Many enterprises, such as those that outsource their content delivery requirements, also implement their business services as multi-tier (n-tier) applications. In a representative n-tiered application, Web-based technologies are used as an outer (a first or “presentation”) tier to interface users to the application, and one or more other tiers comprise middleware that provides the core business logic and/or that integrates the application with existing enterprise information systems. The Java 2 Platform, Enterprise Edition (J2EE™) is a technology and an associated component-based model that reduces the cost and complexity of developing such multi-tier, enterprise services. The J2EE runtime environment defines several types of application components that can be used to build services. These include (a) Web tier components (e.g., servlets, JSP pages, Java beans, filters, and web event listeners), which are components that typically execute in a web server and respond to HTTP requests from web clients, and (b) Enterprise tier components (e.g., session beans, entity beans and message driven beans, which may be developed as Enterprise JavaBeans™ (EJB™)), that include the business logic and that execute in a managed environment to support transactions. Runtime support for J2EE application components are provided by so-called “containers,” with a Web container supporting the Web tier components, and an Enterprise container supporting the Enterprise tier components. Containers execute the application components and provide utility services. J2EE-compliant servers provide deployment, management and execution support for conforming application components.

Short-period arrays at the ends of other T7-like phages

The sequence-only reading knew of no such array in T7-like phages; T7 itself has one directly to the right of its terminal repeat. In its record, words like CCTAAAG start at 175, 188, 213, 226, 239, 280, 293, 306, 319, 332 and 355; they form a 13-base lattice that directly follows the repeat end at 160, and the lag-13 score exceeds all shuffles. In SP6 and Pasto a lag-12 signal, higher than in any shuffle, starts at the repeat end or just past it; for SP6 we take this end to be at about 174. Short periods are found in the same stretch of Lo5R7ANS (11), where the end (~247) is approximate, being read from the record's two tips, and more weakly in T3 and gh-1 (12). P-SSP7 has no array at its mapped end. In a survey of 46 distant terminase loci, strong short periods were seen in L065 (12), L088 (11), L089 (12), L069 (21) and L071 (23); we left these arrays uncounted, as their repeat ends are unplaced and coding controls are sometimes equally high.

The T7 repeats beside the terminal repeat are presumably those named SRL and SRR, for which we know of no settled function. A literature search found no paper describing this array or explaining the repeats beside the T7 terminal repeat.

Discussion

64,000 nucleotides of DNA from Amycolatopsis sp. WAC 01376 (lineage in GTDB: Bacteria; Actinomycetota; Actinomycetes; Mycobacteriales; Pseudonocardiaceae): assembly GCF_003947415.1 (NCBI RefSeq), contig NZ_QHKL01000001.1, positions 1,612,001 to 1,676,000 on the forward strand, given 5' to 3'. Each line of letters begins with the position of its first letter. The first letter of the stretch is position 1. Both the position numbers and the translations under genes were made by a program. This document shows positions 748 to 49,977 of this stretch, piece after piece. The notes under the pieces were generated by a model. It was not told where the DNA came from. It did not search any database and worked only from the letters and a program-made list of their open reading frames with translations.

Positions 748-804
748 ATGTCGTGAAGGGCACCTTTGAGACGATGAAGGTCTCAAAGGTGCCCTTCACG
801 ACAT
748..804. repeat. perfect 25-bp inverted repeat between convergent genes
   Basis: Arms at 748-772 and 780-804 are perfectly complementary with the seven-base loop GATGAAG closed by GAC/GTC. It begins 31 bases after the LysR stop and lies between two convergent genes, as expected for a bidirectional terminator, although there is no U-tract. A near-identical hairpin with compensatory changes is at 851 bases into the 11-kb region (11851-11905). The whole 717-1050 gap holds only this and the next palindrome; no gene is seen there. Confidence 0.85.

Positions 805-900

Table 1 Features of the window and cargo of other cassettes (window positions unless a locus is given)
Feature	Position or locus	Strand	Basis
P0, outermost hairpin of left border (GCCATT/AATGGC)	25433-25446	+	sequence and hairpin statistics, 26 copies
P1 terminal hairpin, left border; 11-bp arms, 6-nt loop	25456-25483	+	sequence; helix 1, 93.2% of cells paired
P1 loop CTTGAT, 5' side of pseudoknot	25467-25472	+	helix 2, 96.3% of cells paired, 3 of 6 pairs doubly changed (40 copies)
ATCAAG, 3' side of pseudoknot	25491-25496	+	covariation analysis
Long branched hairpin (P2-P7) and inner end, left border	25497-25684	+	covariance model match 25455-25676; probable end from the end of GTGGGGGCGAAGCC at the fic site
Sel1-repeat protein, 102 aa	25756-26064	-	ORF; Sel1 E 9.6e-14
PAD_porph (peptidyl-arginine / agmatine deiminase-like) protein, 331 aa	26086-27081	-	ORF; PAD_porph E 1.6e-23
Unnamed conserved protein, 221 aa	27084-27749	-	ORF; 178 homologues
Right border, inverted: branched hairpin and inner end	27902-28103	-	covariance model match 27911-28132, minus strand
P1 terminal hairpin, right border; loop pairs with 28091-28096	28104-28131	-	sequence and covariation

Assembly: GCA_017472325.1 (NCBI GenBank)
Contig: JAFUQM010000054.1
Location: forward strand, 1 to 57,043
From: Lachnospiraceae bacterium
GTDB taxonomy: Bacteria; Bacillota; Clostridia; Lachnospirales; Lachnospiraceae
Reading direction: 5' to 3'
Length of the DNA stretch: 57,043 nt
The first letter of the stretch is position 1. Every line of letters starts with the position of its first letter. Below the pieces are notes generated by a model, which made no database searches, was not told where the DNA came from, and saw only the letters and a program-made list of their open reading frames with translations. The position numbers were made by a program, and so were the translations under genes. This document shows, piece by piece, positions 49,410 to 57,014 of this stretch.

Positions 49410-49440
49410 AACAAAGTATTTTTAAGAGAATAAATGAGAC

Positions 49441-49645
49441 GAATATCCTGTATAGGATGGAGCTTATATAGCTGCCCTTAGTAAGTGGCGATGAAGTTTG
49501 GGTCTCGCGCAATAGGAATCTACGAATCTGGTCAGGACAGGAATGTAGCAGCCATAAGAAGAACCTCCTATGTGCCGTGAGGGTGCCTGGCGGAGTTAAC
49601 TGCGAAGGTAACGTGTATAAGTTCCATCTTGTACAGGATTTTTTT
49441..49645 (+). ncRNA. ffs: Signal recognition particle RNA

Provisioning server-side Java applications or application components to run on CDN edge servers presents complex deployment and operational issues. A solution is described in commonly-owned, copending application Ser. No. 10/340,206, filed Jan. 11, 2003, titled “Java Application Framework For Use In A Content Delivery Network.” According to that document, given edge servers in the CDN are provisioned with application server code used to execute Web tier components of an application (an “edge-enabled application”). Business applications running on the CDN using this framework can create, access and modify state for each client. Over time, a single client may access a given application on different CDN edge servers within the same region and even across different regions. Each time, the application may need to access the latest “state” of the client even if the state was last modified by an application on a different server. The difficulty arises when a process or a machine that last modified the state dies or is temporarily or permanently unavailable. Thus, an important problem that needs to be solved in the context of a CDN in which an application framework is supported is the management of user session state.